During Ivan Navarro's childhood in Santiago, Chile, power outages were used as political threats. Because of this history, light plays a complicated role in his pieces: it is power, truth, and hope; it is also danger -- it electrocutes.
The light fixtures contain complex references to art history and politics yet stand alone as stunning neon visions. The artist works with language with unprecedented attention and care, sculpting meanings from the shape of words and shapes from the meaning of words. His pieces are poetic and political, ripe with references yet maintaining the ability to stand alone. And yet, our interest was piqued, so we asked Ivan a few questions about his work:
HuffPost Arts: Was there an a-ha moment when you decided you wanted to work with light as a medium in this way? Did you first experiment with other media?
Ivan Navarro: I was in art school (I graduated in 1995) experimenting with photography. I was obsessed with watching and following albino people on the streets because of their intolerance to light. That was the first time I thought of light as a very powerful material to work with.
HuffPost Arts: Your work is enmeshed in both politics and poetry, two fields which are arguably polar opposites. (Politics as real-world, poetry as fantasy...) Do you think this is a valid distinction? How do the two relate to each other in your works?
Ivan Navarro: I don't see it as a valid distinction. Politics usually take place in a very complicated social zone, they deal with subjectivity as an objective subject and especially with people's behavior which is very organic and hard to control. Poetry is the same, we can interpret words however we want. That's why to play with politics and poetry in art isn't not so strange.
HuffPost Arts: You have a beautiful quotation in Art News: "The word is only completed in its representation," in regards to physically symmetrical words such as BED, HIDE, ECHO. As a Chilean artist who deals so intimately with language, how do you deal with translation? Do the shapes of words take such poetic, meaningful shapes across languages?
Ivan Navarro: Sometimes they do, sometimes they don't. Usually a word's double meaning is only interesting to me in one language, like DEGENERATE -- a word that I am working with now. If I think of its Spanish meaning or connotations when I translate it in my mind, the word loses the richness it has in English. Other times the translation helps or adds more meanings to the piece, like DETOUR, which is same word in English and in French, but the translation into Spanish -- DESVIO -- is even more interesting. Another difference that occurs in Spanish and English is when you translate a word that can be both a verb and a noun at the same time, it doesn't necessarily keep that quality in the other language. So, that's why the reflection of the other half of the word in the mirror works as the perfect metaphor for how the meaning of a word lives in a very subjective zone.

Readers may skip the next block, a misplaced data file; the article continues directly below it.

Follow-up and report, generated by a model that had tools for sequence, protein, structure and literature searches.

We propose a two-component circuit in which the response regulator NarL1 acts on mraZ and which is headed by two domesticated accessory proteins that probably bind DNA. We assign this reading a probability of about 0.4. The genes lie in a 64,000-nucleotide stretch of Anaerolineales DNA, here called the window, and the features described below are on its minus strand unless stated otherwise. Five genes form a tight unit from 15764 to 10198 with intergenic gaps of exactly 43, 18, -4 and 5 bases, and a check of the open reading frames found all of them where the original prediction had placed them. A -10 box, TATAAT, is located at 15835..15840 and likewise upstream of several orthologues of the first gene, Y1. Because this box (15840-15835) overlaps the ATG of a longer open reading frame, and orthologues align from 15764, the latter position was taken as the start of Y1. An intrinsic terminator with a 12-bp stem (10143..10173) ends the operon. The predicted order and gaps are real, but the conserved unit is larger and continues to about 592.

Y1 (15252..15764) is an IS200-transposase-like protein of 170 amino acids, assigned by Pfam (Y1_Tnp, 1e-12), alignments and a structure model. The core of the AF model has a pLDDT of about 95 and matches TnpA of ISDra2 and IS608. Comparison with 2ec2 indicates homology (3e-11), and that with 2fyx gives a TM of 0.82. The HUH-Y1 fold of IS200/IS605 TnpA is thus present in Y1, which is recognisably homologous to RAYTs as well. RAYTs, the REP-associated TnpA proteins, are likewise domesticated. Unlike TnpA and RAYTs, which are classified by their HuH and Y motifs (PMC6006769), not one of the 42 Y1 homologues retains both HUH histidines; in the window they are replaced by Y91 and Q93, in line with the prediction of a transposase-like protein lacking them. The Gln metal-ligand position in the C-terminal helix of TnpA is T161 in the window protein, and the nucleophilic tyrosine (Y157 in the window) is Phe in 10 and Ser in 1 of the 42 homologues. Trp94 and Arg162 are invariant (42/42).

HuffPost Arts: Do you differentiate between natural and electric light in terms of psychological effect (or poetic meaning?) Would your works communicate a different meaning with 'real' as opposed to artificial light?
Ivan Navarro: I don't really work with natural light. I always need artificial light to be the only source of illumination for an exhibition, to the extent that most of the times the pieces are the only illumination of the show.
HuffPost Arts: Is there a work of art that you return to for inspiration?
Ivan Navarro: Most of the times it is music. I have a large collection of records and started my own record label (HUESO-RECORDS) where I find much of my inspiration to create.